Established in 2020 Monday, December 11, 2023

Reanalysis of data places new constraints on powerful extragalactic technosignatures
Image courtesy: University of Manchester.

MANCHESTER.- At the 2022 International Astronautical Congress in Paris, France, the University of Manchester and Breakthrough Listen (the initiative to find signs of intelligent life in the universe) announced a reanalysis of existing data that extends the search for extraterrestrial intelligence (SETI) into a new realm of parameter space and places stringent limits on the existence of extragalactic technosignatures.

Recognizing that radio surveys targeting nearby stars are also sensitive to background cosmic objects, in particular galaxies, galaxy groups and galaxy clusters, Prof. Michael Garrett at The University of Manchester, collaborating with Berkeley SETI Director Dr. Andrew Siemion (who is also a Visiting Professor at Manchester) have been able to place new limits on the prevalence of very powerful transmitters in galaxies and other cosmic objects located outside of our own Milky Way.

They focused on previous observations made by the Green Bank Telescope (GBT) looking at 469 Breakthrough Listen target fields that were located away from the obscuring gas and dust in the plane of our own Milky Way. In these fields they identify more than 140,000 extragalactic systems, including various astrophysical exotica: interacting galaxies, various types of active galactic nuclei, radio galaxies, and several gravitational lens systems.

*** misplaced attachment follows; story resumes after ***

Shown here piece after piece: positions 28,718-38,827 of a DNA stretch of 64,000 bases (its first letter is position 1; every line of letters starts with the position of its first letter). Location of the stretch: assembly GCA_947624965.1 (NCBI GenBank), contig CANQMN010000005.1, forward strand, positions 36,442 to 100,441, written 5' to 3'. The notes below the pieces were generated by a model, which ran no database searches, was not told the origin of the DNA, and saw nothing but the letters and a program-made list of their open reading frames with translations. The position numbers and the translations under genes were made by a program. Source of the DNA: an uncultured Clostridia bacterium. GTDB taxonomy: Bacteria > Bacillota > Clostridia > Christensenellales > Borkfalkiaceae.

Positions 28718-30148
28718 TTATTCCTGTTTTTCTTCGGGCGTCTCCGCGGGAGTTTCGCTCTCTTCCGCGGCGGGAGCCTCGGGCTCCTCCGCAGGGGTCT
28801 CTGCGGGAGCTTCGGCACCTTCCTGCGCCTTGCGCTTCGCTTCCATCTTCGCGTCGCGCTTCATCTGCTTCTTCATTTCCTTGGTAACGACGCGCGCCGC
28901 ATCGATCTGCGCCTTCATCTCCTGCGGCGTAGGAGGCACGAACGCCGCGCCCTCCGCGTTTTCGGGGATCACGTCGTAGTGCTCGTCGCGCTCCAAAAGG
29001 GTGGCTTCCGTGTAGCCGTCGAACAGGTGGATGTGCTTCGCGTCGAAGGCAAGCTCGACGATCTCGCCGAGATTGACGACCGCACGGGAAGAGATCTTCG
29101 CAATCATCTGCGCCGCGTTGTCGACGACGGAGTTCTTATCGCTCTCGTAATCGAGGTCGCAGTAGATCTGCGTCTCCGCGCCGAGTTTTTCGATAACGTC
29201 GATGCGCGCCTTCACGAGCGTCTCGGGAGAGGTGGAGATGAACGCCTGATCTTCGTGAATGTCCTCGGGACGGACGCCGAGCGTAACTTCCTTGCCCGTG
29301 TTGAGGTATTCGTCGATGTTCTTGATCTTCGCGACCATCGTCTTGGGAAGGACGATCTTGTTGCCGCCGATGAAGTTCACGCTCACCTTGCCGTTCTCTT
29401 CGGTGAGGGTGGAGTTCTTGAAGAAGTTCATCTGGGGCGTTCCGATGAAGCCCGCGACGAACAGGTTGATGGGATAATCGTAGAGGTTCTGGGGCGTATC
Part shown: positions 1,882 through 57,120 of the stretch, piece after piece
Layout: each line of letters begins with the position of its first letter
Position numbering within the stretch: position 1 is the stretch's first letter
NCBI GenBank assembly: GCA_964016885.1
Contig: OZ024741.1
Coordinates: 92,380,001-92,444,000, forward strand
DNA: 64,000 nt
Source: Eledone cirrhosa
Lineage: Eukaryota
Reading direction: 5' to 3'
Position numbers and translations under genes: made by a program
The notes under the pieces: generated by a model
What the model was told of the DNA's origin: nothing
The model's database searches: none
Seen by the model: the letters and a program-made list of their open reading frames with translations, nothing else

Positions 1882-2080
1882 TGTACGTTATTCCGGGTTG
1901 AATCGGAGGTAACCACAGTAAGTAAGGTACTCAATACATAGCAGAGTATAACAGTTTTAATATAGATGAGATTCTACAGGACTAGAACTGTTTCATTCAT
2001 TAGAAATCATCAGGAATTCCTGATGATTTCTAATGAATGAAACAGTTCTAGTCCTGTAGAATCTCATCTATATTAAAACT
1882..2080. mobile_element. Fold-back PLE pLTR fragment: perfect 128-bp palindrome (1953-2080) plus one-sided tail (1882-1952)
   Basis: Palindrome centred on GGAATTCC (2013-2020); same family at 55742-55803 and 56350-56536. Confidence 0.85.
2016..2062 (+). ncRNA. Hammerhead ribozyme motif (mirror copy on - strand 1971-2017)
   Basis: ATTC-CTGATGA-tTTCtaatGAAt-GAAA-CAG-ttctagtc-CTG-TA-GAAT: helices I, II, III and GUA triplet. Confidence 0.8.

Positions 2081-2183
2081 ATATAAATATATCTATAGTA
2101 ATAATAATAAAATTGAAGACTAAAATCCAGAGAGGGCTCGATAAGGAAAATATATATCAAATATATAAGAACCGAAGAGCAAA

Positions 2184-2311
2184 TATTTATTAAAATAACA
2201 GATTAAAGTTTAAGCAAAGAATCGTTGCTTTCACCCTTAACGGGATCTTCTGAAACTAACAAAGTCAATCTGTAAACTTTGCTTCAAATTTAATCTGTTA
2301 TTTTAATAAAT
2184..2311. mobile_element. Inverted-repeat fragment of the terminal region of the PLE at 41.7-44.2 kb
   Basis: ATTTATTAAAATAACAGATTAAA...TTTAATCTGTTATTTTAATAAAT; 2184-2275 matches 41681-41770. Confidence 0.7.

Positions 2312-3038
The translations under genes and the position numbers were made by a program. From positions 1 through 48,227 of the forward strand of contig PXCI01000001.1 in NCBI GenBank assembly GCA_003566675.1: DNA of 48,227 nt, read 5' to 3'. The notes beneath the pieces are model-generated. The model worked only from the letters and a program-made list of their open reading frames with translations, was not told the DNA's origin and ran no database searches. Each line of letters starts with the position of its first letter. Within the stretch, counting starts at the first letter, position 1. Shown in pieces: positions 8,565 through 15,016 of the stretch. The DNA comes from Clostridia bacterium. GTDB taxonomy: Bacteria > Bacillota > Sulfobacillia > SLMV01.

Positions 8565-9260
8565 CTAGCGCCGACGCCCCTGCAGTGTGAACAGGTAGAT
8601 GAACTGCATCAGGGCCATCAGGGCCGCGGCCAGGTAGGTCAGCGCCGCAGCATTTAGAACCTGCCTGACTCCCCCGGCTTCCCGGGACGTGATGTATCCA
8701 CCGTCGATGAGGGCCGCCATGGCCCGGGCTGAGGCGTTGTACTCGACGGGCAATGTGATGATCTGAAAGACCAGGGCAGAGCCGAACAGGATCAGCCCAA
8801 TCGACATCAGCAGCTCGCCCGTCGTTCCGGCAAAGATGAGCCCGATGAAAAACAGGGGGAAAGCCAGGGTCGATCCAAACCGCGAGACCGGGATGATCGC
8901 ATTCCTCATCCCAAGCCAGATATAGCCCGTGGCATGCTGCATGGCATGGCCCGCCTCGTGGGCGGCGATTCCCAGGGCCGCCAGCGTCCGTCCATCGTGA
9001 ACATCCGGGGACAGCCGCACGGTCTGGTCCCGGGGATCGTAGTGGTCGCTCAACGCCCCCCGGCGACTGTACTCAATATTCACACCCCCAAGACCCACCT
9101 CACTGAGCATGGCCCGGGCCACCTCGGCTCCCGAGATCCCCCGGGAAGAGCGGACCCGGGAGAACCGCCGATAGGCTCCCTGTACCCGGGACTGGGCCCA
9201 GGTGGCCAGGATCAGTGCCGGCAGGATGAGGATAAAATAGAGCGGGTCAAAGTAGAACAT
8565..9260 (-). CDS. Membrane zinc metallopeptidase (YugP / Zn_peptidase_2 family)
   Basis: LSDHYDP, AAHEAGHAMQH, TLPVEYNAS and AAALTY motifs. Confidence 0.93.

Most of these sources are located at cosmological distances, but the inventory also includes several nearby galaxies, galaxy groups and galaxy clusters. Although these systems are located many millions of light years away, if the strength of technosignatures follow an approximate power-law distribution (as transmitters here on Earth do), there might be a few rare but very bright signals that are detectable.

"The Breakthrough Listen program is also targeting 100 nearby galaxies but in the future we will be specifically observing large concentrations of stars at cosmological distances to further probe for very bright, very rare technosignatures," says Dr. Andrew Siemion.

Nearby galaxies, galaxy groups and galaxy clusters are a great place to look for these rare powerful signals, as these systems contain hundreds of billions of stars and many of these will host potentially habitable planets. Since the original Breakthrough Listen surveys did not detect any technosignatures, Garrett & Siemion were able to place constraints on the luminosity function of potential extraterrestrial transmitters and limits on the prevalence of very powerful transmitters associated with the billions of stars comprising these systems have also been determined.

For some time Garrett has been troubled that previous SETI surveys have not accounted for the fact that a radio telescope's field of view also includes many distant background objects, in addition to the nearby target star—he believes that "SETI radio surveys place stronger limits on the prevalence of extraterrestrial intelligence in the distant Universe than is often fully appreciated."

The paper, "Constraints on extragalactic transmitters via Breakthrough Listen observations of background sources," has been accepted for publication in Monthly Notices of the Royal Astronomical Society.

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